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Murder, Mystery & Madness
This three game pack bundles together Shades of Death Royal Blood to take care of the murder aspect; Time Mysteries Inheritance for a dose of mystery and Doors of the Mind Inner Mysteries to add the ingredients of Madness. Apart from the fact that each of these games was originally published by Big Fish Games and belongs to the Hidden Object Adventure category, there appears to be no obvious connection between these titles.
Each of the three games has its own installation routine. These routines place an appropriate icon on your desktop allowing you to start playing whichever game you choose when the mood takes you.
By far the longest game with regards to playing time is Shades of Death Royal Blood. The game can be played in either Casual or Advanced mode with the latter making you wait longer for the Hint and Skip features to recharge and also doing away with helpful sparkles. This title places you in the role of an unnamed woman who hears from her sister that their father has died.
On arriving at the family home of Morton Castle you find it in a state of disrepair and totally lacking any living presence. There are a number of bodies to be found but these are recently deceased or in ghostly spirit form as they wander around like the lost souls they are. Of course you decide to investigate this state of affairs.
Basically the story is based around an attempt to resurrect a prince of evil who is being held imprisoned by a magical amulet. This amulet has been divided into three pieces which are held by relatives of the three people who imprisoned this prince in the first place. You need to collect the three pieces of the amulet in order to stop vampires from freeing their leader.
Adopting a rather ornate style of graphics, the game provides a full screen view of various scenes with a journal, inventory and Hint feature arranged across the bottom of the screen. With chevrons allowing you to scroll in either direction, the inventory holds items you pick up during your exploration of Morton Castle and the surrounding areas plus those you receive for completing each of the Hidden Object sessions.
A variety of puzzles, some which are rather challenging, need to be solved during the game. As mentioned there are wandering spirits aplenty as you switch between the real world and that of the dead using mirrors. The vampires really only appear towards the end of the game and they make no attempt to stop you in your quest. This is a reasonable game if you can forgive the lack of a vampire attack.
The other two games do refer to you my name. In Doors of the Mind your role is that of Hazel, a young woman who decides to consult a dream specialist about the nightmares she has been having. The game mixes sessions between Hazel and the dream specialist, when she is put into a trance to relive events from her past, and the excursions Hazel makes to visit her old home and discover more about her family and the mystery of her mother’s death.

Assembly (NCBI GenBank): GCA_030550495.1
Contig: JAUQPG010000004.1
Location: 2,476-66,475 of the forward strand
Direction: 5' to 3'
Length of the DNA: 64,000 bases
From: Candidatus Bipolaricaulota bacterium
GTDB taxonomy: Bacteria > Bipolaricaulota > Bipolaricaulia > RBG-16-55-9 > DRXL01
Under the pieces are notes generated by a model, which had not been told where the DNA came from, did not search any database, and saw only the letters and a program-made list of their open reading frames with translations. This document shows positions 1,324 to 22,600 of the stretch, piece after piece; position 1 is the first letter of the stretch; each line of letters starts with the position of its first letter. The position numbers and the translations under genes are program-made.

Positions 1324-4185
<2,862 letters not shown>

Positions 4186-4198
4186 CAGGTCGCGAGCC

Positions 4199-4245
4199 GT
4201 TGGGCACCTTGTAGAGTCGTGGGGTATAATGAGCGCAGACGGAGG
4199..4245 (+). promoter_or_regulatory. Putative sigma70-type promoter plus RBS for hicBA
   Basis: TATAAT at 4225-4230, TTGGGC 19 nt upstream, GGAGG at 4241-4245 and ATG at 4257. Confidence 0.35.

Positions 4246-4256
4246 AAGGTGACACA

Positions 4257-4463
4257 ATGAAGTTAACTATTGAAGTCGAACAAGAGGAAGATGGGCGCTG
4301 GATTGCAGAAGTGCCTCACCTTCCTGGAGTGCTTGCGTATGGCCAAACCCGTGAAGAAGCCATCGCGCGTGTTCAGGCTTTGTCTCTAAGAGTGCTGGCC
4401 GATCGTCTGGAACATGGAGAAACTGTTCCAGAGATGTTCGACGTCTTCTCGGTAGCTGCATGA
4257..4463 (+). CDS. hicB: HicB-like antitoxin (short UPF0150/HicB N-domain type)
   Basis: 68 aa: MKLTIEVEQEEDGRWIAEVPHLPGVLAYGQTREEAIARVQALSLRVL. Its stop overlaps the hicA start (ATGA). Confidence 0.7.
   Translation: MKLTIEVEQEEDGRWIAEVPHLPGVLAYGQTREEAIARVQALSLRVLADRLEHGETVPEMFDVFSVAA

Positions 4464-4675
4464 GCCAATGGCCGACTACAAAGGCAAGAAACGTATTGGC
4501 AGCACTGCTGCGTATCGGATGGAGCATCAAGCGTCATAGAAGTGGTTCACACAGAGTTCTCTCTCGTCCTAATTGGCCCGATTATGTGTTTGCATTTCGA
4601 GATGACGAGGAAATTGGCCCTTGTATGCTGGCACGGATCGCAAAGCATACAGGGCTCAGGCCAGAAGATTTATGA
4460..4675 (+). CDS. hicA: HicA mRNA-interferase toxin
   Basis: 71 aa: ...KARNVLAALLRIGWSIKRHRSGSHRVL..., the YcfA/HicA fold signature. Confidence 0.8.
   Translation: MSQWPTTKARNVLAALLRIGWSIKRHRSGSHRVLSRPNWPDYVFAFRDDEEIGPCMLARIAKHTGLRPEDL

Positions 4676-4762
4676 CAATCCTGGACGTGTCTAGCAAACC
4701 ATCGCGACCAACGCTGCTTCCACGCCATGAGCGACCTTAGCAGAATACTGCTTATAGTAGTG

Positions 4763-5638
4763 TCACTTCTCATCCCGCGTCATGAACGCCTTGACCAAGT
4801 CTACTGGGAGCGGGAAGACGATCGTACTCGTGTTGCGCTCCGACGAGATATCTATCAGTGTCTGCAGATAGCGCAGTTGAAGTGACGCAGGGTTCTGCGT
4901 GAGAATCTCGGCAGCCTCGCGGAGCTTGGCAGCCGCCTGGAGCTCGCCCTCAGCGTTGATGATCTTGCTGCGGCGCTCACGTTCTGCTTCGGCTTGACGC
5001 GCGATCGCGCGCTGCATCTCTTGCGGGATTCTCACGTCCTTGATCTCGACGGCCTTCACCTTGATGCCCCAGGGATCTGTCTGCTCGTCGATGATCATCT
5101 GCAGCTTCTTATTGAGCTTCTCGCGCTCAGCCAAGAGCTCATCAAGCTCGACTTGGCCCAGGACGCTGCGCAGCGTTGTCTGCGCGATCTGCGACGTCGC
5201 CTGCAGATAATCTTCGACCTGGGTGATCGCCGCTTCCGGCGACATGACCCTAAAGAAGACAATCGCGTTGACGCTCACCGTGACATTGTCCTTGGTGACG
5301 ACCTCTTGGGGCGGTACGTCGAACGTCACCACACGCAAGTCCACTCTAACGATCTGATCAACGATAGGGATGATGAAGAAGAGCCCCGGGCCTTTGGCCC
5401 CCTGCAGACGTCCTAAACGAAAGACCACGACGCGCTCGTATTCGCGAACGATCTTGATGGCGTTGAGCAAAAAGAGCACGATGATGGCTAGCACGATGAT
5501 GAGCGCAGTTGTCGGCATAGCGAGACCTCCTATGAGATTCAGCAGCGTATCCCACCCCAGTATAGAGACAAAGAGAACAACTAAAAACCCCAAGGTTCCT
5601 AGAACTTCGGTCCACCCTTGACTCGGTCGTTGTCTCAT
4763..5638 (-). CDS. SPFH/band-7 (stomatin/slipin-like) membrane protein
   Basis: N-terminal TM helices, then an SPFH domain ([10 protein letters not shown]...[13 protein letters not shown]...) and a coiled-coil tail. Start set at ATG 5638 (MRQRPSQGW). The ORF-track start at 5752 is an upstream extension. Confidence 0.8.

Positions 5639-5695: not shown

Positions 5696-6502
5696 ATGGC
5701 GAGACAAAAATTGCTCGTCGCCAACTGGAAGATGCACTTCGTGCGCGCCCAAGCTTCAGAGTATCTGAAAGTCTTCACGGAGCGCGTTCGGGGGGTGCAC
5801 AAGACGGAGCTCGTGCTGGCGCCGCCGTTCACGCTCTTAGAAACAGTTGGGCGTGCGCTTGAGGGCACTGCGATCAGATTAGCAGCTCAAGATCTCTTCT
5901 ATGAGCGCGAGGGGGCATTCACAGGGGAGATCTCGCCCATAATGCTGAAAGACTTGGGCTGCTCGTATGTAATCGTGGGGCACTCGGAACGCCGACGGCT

Rather than stick with a single format of Hidden Object game play, Doors of the Mind gives you a variety of approaches. Sometimes you are presented with a list of items to find while on other occasions you will be shown images that are similar to those featured in a scene. Usually there are more objects to find that there is room to display in one go. Sometimes items will be immediately replaced when a space becomes available but this is not always the case. With some sessions you only get to see the additional items when all the first batch has been found. There are even some scenes that require you to replace object at their appropriate location plus some Spot the Difference views of the same scene.
Various puzzles will need to be solved as Hazel moves between various dream sequences and real scenes from her past and the current date. All conversations and Hazel’s thoughts are in text format. While hardly likely to keep you occupied for more than a few hours, the game is enjoyable to play.
Having reached the third title, Time Mysteries Inheritance, in this collection, I can reveal that there is a rather tenuous link between the three games. Each one places you in the role of a person who has a missing or dead close relative. In this case your role is that of Vivien, a young woman whose father has been abducted by a time traveller in search of some jewels. Your task is to travel through time, aided by a talking crystal ball, to rescue your father.
Mixing together Hidden Object scenes, Spot the Difference pictures and various puzzles, the game takes you on a trip to the 13th, 19th, 17th, 15th, 8th, 7th and 11th Century before returning to the present day. You meet and interact with various characters who take it all in their stride as if time travelling visitors was an everyday occurrence.
While there is little new to report with regards to the games various tasks, it does possess an innovative Hint feature. You start off with four hints which are immediately available. Once your initial quota has been used then you can earn more by playing a match-3 game as you swap adjacent tiles. Depending upon your performance you will be awarded extra hints. You are limited to holding no more than four hints at any one time.
You can play the game in either Regular or Expert mode with the former giving you a quicker recharge Skip option for puzzles and sparkles highlighting interactive areas. I felt the game should have made more of the different conditions available in the various time zones.
With three full games, admittedly two of which are a little on the short side, you are getting a bargain at £10.20. System requirements calls for a 1.4GHz processor, 512MB of RAM, 700MB of hard disk space with support for DirectX 9.0 running Windows XP and later.
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